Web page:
Did I mention I have a thing for cafes? We can’t overlook La Biela, short for Cafe Historico La Biela. (Do you see another pattern? In addition to getting on world’s-best lists, Porteños (what the locals call themselves) also assign really long names to their landmarks.) A historic and traditional cafe, La Biela is a see-and-be-seen locale for good food and people-watching. You might spot famous public figures here, or you might have to resign yourself to taking photos with the permanent fixtures of Jorge Luis Borges and Adolfo Bioy Casares. Or Atlas and his giant tree, El Gomero, just outside the cafe.
While we’re on the topic of eateries, BA has no shortage of them. In this metropolis, delicious is the word.
For art lovers or lazing Sundaygoers, Feria de San Telmo might be more your pace. This antique fair is an outdoor bazaar peppered with live music and spontaneous dancing. Add in the food, and it feels a little like a neighborhood block party.
As one of Latin America’s –nay, the world’s– largest and most populous cities, BsAs has attracted its share of expats for centuries. This has shaped the city’s history and development, which includes much European influence in design and architecture. You might walk down an Argentinean block; then you reach a corner and you’re in Madrid; then you reach a park and you’re suddenly in Paris. With its European charms (and architecture!) and its Latin vibes, the city of “good air” provides no shortage of interesting sights. In fact, there’s a stretch of road, just over half a mile (1 kilometer) known as Nueve de Julio. July 9. Yes, it’s a date – Argentina’s Independence Day. But it’s also the widest avenue in the world. Can you make it all the way across in one go? You’ll certainly have fun trying.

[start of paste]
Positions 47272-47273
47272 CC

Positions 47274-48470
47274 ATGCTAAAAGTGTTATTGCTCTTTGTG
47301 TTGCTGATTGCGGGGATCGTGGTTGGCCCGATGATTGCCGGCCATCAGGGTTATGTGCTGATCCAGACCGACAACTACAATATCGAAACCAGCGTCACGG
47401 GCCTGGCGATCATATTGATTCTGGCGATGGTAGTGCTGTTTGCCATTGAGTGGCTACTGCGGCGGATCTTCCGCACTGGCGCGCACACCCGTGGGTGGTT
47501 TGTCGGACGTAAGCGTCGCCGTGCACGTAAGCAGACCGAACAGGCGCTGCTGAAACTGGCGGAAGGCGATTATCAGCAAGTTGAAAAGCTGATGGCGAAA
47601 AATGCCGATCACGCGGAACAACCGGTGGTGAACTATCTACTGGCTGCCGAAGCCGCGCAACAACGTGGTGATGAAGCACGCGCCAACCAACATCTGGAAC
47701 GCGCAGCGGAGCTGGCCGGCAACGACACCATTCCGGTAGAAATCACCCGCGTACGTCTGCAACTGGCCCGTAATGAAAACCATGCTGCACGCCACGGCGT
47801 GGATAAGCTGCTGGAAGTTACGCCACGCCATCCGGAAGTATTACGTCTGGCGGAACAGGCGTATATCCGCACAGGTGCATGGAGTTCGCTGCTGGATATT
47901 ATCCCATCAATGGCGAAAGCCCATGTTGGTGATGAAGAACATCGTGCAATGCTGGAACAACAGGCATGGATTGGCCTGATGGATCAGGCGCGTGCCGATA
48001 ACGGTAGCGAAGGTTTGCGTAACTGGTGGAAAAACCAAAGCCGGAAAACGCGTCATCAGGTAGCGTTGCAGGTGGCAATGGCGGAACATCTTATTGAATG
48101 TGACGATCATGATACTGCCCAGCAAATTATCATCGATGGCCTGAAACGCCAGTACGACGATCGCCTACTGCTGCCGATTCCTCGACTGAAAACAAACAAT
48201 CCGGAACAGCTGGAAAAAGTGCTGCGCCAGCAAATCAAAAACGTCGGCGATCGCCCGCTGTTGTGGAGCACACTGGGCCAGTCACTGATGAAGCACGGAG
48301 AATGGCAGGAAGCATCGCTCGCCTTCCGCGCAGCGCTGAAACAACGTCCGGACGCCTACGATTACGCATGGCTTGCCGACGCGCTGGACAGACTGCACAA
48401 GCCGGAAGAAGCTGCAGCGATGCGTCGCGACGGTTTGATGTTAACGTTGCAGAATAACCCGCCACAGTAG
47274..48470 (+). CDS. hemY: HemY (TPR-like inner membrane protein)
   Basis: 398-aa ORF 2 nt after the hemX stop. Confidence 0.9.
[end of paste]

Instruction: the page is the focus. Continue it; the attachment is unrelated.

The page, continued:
Racing across 9 de Julio might almost be as fun as a learning to tango. Almost. In an exhibit of speed and precision, tango dancers demonstrate the kind of flirtatious intensity that inspires romance novels. A couple moves in unison across the dance floor, legs tangled, pushing away from each other with dramatic flair, reuniting in a close embrace. Are they playing hard to get? Are they angry? Madly in love? Perhaps all of the above. Considering Buenos Aires gave birth to the tango, it’s no wonder the art form is alive and well here. Passion abounds in dance and in daily life, which is probably why the BBC has listed BA as one of the world’s best cities for dating. In fact, people will say that watching and learning tango are among the most romantic things you can do in Argentina. (Watch this or this to see what I’m talking about.)
When you’ve done with BA (whether or not you’re looking for more romantic scenery), you can always head to the famous Cataratas del Iguazú, among the world’s largest waterfalls. A short flight will take you here:
But we’ll explore the falls in a future post.
Buenos Aires, BA, BsAs, BSAS, CABA. It doesn’t matter what you call it. Just like the dulce de leche that fills, flavors, or tops many foods here, the city is rather quite sweet.